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A donkey allergic to hay? You don’t say!

Posted by Caileigh Robertson, Communications

Sam the miniature donkey. Photo by Dennis Dow/WPZ.

Sneezes, sniffles and itchiness are all signs of allergies in humans and, as research indicates, they’re common symptoms in allergic animals too—especially for one miniature donkey at Woodland Park Zoo.

Sam, one of our two mini donkeys living at the Family Farm, is allergic to hay! Zookeepers noticed him becoming itchy around hay, which serves as feed for Sam and his herd mate, Rico. Sam continuously rubbed and scratched against posts in his Family Farm barn, and his coat became short and thin. After a blood test came back confirming his hay allergy, our keepers and animal health team crafted a treatment plan to reduce his symptoms and ease his discomfort.

Photo by Ric Brewer/WPZ.

Keepers promptly switched Sam’s feed to Bermuda grass hay, which doesn’t trigger allergic reactions like Timothy grass, commonly known for its pollen allergen. Although Sam experiences itchy side effects from exposure to Timothy grass, Rico indulges in it without trouble—though, they’re known to sneak a few bites one another’s hay. (Allergies or not, the grass is greener on the other side. Pun intended.)

Like many humans patients, Sam also receives routine allergen immunotherapy, or allergy vaccines, to help build immunity against allergens and reduce symptoms over time. Keepers train with him regularly to familiarize him with the vaccination process, allowing Sam to best anticipate each step in his care plan (especially the apple at the end).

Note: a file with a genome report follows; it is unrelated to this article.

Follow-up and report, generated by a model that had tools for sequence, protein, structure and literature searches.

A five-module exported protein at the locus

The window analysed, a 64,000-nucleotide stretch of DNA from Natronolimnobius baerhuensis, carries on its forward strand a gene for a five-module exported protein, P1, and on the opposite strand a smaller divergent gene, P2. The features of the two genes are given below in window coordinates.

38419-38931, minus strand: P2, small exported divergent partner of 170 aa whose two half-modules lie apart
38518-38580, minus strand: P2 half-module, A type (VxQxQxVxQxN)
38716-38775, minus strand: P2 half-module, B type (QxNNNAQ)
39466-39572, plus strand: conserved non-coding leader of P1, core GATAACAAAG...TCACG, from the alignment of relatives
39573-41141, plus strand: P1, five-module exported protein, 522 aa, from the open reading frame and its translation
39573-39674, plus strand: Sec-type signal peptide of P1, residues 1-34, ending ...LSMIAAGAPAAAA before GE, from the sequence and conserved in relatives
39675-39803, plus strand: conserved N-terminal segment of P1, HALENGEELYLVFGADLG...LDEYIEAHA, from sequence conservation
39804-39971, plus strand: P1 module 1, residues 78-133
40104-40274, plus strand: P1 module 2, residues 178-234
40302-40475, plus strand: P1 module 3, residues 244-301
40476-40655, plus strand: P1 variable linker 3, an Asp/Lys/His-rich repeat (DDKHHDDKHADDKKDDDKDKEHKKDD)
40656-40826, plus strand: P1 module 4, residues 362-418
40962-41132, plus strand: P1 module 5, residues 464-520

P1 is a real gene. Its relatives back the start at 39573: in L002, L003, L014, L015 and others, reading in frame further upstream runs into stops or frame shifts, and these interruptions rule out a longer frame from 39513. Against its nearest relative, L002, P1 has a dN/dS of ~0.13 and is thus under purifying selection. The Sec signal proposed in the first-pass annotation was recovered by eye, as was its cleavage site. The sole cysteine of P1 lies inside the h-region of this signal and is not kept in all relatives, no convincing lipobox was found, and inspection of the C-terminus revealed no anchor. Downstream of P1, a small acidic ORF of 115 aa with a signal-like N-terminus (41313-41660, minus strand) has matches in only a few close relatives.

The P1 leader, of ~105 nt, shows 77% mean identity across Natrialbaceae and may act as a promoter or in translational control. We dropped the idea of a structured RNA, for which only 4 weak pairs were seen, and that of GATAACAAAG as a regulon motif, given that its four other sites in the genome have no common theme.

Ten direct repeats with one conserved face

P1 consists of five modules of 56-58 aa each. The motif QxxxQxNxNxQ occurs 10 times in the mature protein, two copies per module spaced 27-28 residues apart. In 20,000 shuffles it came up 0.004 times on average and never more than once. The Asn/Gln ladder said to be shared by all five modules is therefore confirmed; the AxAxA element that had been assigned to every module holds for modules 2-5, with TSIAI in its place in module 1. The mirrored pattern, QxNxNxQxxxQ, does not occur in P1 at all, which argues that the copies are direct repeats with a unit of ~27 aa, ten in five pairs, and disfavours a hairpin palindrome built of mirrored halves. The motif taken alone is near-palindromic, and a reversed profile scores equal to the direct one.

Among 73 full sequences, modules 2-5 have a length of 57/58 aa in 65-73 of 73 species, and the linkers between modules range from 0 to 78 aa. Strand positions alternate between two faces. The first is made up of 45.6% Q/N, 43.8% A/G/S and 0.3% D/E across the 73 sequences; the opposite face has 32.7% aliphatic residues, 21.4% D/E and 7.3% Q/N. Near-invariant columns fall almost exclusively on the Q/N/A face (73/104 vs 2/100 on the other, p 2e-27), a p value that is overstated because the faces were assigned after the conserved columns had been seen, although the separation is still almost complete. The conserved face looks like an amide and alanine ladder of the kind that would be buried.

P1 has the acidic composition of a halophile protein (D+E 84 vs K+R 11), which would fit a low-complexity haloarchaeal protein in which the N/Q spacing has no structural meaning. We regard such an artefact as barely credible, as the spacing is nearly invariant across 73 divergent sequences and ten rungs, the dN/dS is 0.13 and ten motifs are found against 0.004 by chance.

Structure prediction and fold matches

Photo by Dennis Dow/WPZ.

Within weeks of receiving his initial immunotherapy treatment, Sam’s constant itching slowly subsided and his coat grew back healthy and lustrous. As a result of this proactive approach to Sam’s healthcare, the miniature donkey’s hay allergy has cleared up well.

Photo by Mat Hayward/WPZ.

Within the health community, clinical overlaps between humans and animals—like allergies—are strong indications of how local and global environments affect the health of all species. Case studies of human-animal health relations span all corners of the medical industry, including obesity, cancer, geriatric health and more.

During the 2014 Zoobiquity conference, held at Woodland Park Zoo and the University of Washington on Nov. 1, veterinarians, physicians and environmental health experts will explore case studies and interactive presentations of human-animal health to demonstrate how a species-spanning approach to health and medicine can improve human, animal and environmental health.